Monday, October 12, 2009

Dawn Masters the Outside Turn, Frisky Seniors and a Request on Lead Changes

Yesterday was one of those days when the 15-minute rule came into application. I hadn't been able to work with the horses for several days due to rain and my schedule on Saturday, and I didn't want to miss another day, even though I was short of time. So Maisie got lunged for exercise at the trot - she's quite the porker these days - and I did put on her hind Sports Medicines, as her hind suspensories look iffy to me - the angle of her pasterns is increasingly flat, and any time I work her she gets some swelling overnight. And then there's the stifle issues. Even though she's only 12, I don't know how many more years of being sound enough to ride she has. Sigh. Memo to self - never, ever get a horse again with serious confirmation defects, no matter how beautiful or sweet.

Dawn and I worked some more on our preparations for ground-driving. We used the fuzzy-nose halter and two lines. I started with making sure she was OK with the ropes on her back, rump and around the butt, starting from her left, which we had done before, and then doing the same from her right. Ho, hum, how boring, she said. Then we refreshed our turns to the left and right using one line with me standing by her neck, doing it from both sides. She remembered everything perfectly. Then I asked again for the outside turn away from me, with her starting and ending in a halt. This time I started from her right so the turn would be to the left, which is her easier direction. Last time I was standing to her left and asking her to turn right - going to the right is harder for her and she was struggling with it. So I stood about 10 feet off her right side, holding the right line in my right hand, and the left line which was looped around her hindquarters, in my left hand. I use the method of letting the lines trail behind me - it makes it easier to adjust the length as I go and there aren't any loops to get tangled in. I asked for the left turn by pulling gently on the left line while playing out the right line. She did it instantly, and well. We repeated this several times in each direction. She was soft, calm and responsive, even though there was a lot going on - people walking by with dogs and Scout and Sugar leaving on a trail ride. I was delighted and told her so! I think we're about ready for some ground-driving with some patterns.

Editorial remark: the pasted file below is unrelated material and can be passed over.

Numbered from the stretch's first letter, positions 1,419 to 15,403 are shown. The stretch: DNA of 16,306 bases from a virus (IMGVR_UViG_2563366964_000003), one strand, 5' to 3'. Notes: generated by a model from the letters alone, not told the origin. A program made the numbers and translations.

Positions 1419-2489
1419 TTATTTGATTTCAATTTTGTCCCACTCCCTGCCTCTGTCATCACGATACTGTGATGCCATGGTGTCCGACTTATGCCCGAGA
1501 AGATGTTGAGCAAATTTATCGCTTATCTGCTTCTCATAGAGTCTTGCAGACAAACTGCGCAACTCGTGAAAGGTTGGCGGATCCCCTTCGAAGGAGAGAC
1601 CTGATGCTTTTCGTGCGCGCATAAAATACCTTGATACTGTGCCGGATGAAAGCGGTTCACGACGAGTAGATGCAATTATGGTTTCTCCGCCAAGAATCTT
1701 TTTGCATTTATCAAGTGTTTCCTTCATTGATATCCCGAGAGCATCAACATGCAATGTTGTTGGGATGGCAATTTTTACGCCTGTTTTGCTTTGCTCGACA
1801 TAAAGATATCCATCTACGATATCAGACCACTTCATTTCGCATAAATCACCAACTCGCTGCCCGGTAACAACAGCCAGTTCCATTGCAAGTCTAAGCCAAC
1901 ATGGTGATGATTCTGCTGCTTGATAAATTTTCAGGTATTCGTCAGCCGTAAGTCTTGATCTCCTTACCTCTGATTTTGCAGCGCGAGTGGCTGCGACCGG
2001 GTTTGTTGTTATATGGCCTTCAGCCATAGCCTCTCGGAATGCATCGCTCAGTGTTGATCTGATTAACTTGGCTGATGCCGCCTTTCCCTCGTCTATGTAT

This morning was chilly - not quite freezing. All the horses were excited and delighted to go to pasture, although everyone was very well behaved when I asked. Apparently Fritz and Fred gave their handler some trouble yesterday leading out - boarders do their own turn-out on Sundays - Fritz was pulling and Fred was doing little half-rears (he used to do big ones, but his hind end is too weak for that these days), so I did some special exercises with them. We stopped frequently so momentum didn't start to build up, and I reinforced with Fritz that he was to lead on a loose lead somewhat behind my shoulder, and with Fred that he was to give to pressure (making sure I gave a release as he softened). While we were stopped, we did "head-to-the-ground" to improve their relaxation. They both did great. All the senior horses were in good form - there's nothing more delightful than to watch Joe at 27 and Noble at 29 gallop at top speed to the end of the pasture, doing lead changes on the way!

And, finally, a request. Those of you out there with particular expertise in training lead changes, please respond if you can. (Jean, I'm particularly thinking of you, but I know there are others out there with knowledge that could help.) In yesterday's post, I mentioned that my daughter is having trouble with Miranda's right to left lead change. If there are any specific exercises you could suggest that she could try, we would appreciate it!

6 comments:

  1. Ground driving has been one of the most useful things I've learned. Before I got my round pen, it's how I accomplished longeing, of a sort.

    Sorry, can't help you on the changing leads thing.